Symbollon Pharmaceuticals Inc. began a Phase III trial of its iodine-based IoGen, designed to treat patients suffering pain associated with fibrocycstic breast disease.
The multicenter trial will involve about 175 euthyroid premenopausal women who are unresponsive to conservative treatment, the company said.
Representatives of the Framingham, Mass.-based company could not be reached for comment.
Symbollon said previous Phase II trials evaluating IoGen in FBD showed a significant reduction of pain and tenderness for the patients taking the oral drug, compared to placebo.
Patients in the Phase III will receive one 6-mg tablet of IoGen or placebo, daily, for six months, and researchers will evaluate the efficacy of IoGen comparing the proportion of patients that experience a clinically meaningful reduction in breast pain and tenderness. Pain will be measured through patient self-assessment reported in daily diaries. Nodularity will be used as a secondary efficacy endpoint and be evaluated by physicians.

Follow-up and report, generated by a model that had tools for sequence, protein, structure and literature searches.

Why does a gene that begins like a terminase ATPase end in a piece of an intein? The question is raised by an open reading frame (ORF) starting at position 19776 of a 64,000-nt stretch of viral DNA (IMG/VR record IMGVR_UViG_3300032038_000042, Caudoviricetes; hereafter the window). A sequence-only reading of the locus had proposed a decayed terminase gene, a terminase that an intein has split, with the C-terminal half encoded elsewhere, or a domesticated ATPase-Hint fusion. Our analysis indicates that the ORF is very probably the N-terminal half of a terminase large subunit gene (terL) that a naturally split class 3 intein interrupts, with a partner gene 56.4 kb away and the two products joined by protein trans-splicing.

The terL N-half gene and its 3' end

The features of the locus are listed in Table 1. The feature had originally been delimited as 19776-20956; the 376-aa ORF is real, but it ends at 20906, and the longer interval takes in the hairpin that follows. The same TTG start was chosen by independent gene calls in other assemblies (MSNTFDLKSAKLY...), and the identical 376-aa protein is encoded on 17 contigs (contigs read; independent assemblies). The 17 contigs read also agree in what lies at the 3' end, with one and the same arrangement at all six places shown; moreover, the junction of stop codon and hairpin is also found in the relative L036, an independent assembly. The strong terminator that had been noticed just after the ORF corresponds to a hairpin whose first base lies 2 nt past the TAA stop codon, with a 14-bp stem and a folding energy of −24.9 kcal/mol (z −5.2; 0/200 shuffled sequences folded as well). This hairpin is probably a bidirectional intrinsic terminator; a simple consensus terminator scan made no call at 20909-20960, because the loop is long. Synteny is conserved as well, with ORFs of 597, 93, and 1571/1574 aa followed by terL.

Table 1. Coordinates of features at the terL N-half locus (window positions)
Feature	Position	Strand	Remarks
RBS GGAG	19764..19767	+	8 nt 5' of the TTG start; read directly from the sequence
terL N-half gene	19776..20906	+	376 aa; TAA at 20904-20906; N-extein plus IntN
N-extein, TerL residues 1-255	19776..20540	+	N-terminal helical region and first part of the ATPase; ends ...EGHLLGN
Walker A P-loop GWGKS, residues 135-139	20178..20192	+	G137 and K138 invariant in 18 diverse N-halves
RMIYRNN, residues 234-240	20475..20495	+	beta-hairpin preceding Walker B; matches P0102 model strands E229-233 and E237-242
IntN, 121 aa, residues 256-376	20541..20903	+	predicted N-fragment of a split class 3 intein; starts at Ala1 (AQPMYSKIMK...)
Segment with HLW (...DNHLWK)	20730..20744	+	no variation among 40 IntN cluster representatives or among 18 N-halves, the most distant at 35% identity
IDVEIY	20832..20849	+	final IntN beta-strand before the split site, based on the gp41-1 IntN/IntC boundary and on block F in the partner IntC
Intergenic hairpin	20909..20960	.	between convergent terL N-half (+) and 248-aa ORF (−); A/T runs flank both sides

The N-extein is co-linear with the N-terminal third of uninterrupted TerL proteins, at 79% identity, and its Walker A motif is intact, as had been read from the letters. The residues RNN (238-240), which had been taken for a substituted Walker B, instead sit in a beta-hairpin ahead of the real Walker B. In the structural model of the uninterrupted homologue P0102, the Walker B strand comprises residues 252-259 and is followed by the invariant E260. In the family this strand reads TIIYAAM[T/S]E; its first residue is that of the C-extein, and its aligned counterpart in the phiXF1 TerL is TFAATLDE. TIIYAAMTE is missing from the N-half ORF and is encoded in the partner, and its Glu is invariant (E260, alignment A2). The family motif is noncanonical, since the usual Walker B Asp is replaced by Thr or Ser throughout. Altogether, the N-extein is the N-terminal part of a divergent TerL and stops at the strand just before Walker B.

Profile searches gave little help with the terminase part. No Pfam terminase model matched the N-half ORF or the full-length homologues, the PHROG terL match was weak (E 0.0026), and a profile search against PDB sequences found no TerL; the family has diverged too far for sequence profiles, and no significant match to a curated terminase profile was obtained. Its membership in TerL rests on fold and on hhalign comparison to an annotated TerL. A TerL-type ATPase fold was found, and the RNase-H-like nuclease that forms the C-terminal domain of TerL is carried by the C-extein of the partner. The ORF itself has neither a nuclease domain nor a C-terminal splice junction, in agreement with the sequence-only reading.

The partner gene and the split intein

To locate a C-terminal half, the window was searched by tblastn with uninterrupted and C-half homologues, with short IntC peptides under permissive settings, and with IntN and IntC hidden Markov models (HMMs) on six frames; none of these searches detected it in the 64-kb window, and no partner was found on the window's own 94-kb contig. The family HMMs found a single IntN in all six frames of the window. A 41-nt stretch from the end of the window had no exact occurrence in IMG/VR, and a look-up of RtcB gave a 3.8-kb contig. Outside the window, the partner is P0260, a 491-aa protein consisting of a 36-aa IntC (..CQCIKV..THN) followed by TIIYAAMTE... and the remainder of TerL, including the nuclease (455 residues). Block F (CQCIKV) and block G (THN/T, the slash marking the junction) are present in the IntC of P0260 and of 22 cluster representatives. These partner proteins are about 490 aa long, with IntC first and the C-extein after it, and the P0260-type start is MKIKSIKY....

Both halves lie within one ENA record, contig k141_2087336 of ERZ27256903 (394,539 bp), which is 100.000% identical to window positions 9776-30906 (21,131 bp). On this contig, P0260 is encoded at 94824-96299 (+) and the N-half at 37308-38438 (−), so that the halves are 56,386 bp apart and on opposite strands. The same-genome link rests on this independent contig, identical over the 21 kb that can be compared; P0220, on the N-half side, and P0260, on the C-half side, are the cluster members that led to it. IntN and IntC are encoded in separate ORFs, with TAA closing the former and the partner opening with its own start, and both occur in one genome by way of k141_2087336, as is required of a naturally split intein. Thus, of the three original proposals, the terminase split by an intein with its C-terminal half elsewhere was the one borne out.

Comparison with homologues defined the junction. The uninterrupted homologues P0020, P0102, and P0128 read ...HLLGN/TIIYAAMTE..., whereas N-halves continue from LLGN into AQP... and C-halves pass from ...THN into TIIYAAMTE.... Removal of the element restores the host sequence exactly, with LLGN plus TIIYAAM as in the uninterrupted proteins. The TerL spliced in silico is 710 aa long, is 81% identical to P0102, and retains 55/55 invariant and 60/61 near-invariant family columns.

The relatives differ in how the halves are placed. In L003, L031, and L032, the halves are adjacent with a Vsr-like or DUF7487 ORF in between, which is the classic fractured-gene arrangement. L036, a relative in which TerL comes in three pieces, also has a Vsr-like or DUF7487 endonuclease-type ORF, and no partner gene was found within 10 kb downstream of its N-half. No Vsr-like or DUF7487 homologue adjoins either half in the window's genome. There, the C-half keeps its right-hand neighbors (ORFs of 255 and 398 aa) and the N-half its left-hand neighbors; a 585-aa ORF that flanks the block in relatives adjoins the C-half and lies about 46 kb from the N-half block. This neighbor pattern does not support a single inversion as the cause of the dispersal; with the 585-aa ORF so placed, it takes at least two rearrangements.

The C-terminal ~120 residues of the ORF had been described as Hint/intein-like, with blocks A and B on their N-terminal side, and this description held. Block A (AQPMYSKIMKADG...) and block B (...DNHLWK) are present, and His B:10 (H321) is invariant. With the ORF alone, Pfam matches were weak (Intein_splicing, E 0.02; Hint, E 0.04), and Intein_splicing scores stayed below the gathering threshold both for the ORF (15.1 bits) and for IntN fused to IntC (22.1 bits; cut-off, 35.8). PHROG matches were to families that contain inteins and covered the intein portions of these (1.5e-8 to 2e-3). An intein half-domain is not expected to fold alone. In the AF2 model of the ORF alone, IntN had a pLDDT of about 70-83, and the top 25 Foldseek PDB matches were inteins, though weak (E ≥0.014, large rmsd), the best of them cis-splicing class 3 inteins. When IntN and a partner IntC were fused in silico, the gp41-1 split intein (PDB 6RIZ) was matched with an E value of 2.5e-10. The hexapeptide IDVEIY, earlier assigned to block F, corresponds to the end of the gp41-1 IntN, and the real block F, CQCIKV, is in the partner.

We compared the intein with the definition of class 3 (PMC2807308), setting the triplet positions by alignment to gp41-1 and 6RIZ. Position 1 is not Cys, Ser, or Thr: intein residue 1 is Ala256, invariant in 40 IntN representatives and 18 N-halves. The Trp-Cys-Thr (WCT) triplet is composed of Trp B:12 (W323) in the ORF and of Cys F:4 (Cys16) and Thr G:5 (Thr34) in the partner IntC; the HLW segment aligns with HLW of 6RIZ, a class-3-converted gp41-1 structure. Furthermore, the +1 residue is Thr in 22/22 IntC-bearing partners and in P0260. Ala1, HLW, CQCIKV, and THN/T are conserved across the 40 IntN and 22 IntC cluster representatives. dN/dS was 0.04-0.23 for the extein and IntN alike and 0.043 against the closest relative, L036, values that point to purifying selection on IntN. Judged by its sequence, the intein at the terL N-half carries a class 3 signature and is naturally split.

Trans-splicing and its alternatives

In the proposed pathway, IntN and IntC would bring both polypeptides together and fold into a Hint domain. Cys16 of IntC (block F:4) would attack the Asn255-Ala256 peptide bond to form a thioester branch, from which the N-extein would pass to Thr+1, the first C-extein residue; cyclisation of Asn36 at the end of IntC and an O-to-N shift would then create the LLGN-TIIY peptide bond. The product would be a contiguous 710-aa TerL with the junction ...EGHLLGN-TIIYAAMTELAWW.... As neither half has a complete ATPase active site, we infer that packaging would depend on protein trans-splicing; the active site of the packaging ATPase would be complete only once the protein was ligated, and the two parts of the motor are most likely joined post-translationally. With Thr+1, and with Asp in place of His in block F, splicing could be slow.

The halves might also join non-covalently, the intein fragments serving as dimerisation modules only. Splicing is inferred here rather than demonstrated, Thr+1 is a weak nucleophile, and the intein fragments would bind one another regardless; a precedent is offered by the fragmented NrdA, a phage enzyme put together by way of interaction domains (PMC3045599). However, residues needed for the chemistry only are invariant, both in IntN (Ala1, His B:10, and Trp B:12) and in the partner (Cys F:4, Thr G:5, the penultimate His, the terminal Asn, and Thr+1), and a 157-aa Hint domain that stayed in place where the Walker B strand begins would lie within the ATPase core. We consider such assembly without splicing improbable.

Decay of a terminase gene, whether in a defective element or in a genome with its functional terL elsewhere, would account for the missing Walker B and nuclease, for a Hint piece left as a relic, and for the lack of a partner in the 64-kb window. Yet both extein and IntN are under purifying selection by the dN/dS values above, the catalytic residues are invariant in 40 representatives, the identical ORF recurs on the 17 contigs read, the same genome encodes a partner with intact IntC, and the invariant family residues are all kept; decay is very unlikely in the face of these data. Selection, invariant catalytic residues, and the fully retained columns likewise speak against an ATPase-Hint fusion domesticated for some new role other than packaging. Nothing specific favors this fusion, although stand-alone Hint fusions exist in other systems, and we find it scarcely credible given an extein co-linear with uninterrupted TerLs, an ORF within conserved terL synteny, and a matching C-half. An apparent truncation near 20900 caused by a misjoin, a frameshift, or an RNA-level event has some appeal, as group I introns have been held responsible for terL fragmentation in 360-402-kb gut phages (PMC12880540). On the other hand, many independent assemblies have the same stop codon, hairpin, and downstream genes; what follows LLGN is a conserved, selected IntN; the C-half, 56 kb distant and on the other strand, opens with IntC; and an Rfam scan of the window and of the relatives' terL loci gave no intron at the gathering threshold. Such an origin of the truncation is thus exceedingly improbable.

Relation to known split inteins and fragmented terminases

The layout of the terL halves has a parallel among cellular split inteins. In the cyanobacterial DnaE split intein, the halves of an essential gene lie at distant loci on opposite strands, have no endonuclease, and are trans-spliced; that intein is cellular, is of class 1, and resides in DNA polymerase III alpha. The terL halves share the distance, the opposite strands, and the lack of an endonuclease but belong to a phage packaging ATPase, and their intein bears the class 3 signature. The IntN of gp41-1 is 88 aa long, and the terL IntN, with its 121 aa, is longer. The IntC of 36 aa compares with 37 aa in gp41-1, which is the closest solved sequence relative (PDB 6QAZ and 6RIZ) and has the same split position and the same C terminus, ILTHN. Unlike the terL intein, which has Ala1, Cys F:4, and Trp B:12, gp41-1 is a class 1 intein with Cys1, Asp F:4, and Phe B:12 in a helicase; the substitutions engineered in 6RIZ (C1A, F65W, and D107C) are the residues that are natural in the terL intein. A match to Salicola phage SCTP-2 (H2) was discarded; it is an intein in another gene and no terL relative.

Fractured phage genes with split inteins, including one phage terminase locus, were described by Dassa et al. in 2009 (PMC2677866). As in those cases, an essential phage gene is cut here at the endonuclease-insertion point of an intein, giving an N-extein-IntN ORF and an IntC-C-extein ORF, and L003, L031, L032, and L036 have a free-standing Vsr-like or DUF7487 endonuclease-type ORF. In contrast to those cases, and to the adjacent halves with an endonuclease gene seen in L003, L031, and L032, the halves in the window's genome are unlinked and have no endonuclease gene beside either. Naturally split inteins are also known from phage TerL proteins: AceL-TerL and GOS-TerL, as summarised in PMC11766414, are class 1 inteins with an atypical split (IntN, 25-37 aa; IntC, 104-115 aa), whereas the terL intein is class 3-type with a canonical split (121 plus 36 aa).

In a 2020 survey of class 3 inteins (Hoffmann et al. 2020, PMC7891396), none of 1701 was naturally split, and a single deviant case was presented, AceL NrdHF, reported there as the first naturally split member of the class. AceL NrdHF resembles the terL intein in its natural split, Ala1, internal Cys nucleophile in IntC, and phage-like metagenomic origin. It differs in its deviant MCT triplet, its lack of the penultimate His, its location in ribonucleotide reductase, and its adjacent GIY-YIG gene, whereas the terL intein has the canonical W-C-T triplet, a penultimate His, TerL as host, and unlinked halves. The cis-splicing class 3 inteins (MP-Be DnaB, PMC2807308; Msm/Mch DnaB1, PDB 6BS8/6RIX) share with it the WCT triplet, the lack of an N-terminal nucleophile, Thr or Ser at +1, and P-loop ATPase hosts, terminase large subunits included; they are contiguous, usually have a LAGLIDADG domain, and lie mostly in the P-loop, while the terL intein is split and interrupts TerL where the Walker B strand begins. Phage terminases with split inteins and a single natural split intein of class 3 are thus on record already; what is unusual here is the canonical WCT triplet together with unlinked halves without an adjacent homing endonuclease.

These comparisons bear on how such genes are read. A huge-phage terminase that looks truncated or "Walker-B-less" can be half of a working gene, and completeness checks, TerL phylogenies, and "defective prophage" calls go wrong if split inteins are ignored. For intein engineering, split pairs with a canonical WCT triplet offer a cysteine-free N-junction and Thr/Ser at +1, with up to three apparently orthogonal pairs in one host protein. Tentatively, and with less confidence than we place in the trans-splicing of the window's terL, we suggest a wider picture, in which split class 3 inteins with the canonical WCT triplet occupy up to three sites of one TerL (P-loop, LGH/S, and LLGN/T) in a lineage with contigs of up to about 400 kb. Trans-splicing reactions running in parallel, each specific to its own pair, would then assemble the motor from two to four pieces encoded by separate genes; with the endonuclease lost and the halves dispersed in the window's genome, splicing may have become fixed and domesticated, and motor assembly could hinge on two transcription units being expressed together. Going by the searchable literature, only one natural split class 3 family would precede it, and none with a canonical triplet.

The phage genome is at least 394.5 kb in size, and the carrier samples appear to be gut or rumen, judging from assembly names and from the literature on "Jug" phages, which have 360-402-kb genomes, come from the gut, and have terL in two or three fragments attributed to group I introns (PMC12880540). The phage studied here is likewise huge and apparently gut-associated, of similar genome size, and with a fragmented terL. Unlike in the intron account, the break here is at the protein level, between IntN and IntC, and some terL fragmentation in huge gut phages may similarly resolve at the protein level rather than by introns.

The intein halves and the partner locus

Symbollon expects the trial to last about 12 months and cost about $1.25 million.
The company said certain sites included in the trial also will test for the presence of iodinated arachidonic acid derivatives in the breast duct of patients, which might help explain how IoGen can eliminate benign excess cell growth and possibly expand to serve as a treatment or preventive product.
In July, Symbollon acquired assets related to iodine drug development from Memetix Inc. and other related parties.
IoGen is a solid oral dosage form that delivers molecular iodine when dissolved in gastric fluid. Symbollon has completed Phase I and II trials to evaluate the product as a possible treatment for moderate to severe cyclic pain and tenderness - clinical mastalgia - associated with FBD. The company also said IoGen might be useful in treating or preventing other conditions, including endometriosis, ovarian cysts and premenopausal breast cancer.
Earlier this year, Symbollon announced plans to seek regulatory approval for IoGen in Canada, and Canadian authorities advised the company to file an application following product exposure in at least 500 patients, less than the usually required 1,500 patients.